Impulsivity and novel object recognition test of rat model for vascular cognitive impairment after antipsychotics treatment

https://doi.org/10.19106/JMedSci004803201604

Ronny T Wirasto(1*), Irwan Supriyanto(2), Arif Prassetyo(3), Nunu N Madjid(4), Susini R Sari(5), Baiq R Rhadianaa(6), Heru Yulianto(7), Nur Arfian(8), Nyoman Kertia(9)

(1) Department of Psychiatry, Faculty of Medicine, Universitas Gadjah Mada
(2) Department of Psychiatry, Faculty of Medicine, Universitas Gadjah Mada
(3) Department of Psychiatry, Faculty of Medicine, Universitas Gadjah Mada
(4) Department of Psychiatry, Faculty of Medicine, Universitas Gadjah Mada
(5) Department of Psychiatry, Faculty of Medicine, Universitas Gadjah Mada
(6) Department of Psychiatry, Faculty of Medicine, Universitas Gadjah Mada
(7) Department of Psychiatry, Faculty of Medicine, Universitas Gadjah Mada
(8) Department of Anatomy, Faculty of Medicine, Universitas Gadjah Mada
(9) Rheumatology Division, Department of Internal Medicine, Faculty of Medicine, Universitas Gadjah Mada
(*) Corresponding Author

Abstract


ABSTRACT

Vascular cognitive impairment (VCI) is a common condition in which no standard treatment has been approved. VCI is often accompanied by behavioral problems which require psychiatric interventions. The common therapeutic agent used for the acute management is antipsychotic injections. Current findings showed that atypical antipsychotic possess better safety profile for treating behavioral problems related to VCI compared to typical antipsychotic. In this study, we induced VCI in Sprague Dawley rats between 6-8 weeks old using bilateral carotid communist artery occlusion technique. The subjects were divided into 4 treatment groups: sham, olanzapine, haloperidol, and risperidone groups. Subjects received intramuscular injections of subsequent drugs for 3 days post VCI induction. Impulsive behavior and object recognition were examined using cliff jumping test and novel object recognition test. The analyses results showed that impulsive behavior was lower in the olanzapine and haloperidol groups compared to sham group, although it was not statistically significant (p = 0.651). The results also showed that there were no significant differences in the time spent exploring old and novel objects in all groups (p = 0.945;0.637 respectively). In conclusion, antipsychotic injection might not be effective to control impulsive behavior post VCI induction.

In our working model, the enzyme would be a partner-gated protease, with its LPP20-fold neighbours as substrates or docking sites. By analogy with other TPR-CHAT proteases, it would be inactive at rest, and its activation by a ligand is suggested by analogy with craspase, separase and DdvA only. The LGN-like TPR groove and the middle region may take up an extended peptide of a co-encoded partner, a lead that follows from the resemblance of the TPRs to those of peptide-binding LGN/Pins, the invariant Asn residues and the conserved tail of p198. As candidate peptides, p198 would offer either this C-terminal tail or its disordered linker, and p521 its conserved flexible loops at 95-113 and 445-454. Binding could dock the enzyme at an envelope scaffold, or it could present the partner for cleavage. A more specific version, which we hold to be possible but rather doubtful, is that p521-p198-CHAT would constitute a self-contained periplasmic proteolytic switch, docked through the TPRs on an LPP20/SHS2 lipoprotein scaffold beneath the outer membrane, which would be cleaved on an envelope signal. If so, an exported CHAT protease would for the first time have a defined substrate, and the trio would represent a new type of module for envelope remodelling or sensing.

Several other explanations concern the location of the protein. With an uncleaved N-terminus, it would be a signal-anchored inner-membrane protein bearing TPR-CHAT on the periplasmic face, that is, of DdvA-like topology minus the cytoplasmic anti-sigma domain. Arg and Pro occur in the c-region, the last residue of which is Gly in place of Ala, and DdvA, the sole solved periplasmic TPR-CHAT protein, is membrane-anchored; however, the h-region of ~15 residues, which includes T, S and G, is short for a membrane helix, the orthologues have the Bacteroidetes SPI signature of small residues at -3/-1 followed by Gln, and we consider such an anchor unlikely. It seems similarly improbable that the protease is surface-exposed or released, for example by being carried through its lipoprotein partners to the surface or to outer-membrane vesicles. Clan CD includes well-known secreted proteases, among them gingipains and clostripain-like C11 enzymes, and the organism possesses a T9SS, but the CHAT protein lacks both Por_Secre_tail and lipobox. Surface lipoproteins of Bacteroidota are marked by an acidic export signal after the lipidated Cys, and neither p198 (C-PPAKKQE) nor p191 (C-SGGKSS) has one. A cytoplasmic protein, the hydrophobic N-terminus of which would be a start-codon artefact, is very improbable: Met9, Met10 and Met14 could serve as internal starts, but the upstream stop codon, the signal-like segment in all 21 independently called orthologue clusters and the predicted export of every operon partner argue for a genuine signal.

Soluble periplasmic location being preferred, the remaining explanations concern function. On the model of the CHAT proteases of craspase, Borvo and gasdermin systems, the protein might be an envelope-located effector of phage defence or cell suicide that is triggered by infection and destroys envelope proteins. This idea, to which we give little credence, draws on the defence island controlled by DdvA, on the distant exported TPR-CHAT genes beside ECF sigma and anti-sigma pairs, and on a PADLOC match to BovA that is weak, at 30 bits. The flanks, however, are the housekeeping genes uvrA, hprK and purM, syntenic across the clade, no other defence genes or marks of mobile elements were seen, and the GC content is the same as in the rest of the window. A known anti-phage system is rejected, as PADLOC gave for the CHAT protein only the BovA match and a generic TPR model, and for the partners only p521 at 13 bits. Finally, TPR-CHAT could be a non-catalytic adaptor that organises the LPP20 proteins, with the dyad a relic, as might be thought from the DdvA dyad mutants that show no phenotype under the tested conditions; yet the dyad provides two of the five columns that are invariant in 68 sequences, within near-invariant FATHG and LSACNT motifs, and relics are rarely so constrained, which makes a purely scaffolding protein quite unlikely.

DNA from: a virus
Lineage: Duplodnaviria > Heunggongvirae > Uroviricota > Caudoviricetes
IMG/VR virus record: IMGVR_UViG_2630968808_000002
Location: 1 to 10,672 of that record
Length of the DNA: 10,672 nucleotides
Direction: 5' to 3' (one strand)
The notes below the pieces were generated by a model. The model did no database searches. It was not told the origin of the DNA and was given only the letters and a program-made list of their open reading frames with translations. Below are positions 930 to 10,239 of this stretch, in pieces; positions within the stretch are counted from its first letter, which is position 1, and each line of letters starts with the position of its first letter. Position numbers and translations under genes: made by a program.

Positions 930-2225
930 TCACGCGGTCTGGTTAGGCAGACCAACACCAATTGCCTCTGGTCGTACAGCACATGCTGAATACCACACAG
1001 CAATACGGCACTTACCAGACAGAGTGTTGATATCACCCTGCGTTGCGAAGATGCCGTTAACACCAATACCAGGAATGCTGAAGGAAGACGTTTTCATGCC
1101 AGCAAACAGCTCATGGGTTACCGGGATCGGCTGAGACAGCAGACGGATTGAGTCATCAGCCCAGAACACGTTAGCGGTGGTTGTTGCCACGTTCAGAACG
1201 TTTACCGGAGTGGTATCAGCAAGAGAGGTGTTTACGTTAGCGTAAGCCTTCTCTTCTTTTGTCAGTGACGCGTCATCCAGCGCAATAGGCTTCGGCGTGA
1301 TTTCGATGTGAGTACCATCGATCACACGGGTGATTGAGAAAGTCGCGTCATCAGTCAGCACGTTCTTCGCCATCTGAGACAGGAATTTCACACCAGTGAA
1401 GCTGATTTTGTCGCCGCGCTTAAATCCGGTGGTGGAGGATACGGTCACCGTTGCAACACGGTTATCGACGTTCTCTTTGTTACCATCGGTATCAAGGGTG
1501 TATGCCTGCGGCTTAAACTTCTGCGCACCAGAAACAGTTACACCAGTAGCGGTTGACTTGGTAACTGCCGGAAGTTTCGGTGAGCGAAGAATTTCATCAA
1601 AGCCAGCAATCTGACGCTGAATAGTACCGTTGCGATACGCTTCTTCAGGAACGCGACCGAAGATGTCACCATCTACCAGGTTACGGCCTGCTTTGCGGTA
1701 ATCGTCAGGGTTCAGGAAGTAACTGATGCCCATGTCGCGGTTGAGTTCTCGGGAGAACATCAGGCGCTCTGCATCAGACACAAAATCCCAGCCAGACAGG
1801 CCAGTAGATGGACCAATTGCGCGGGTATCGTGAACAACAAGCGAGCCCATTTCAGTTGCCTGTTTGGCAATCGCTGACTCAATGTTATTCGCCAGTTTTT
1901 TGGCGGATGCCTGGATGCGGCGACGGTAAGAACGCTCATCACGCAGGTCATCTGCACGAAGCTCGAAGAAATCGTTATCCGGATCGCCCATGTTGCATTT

Keywords


vascular cognitive impairment - antipsychotics - impulsive behavior–object recognitio

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DOI: https://doi.org/10.19106/JMedSci004803201604

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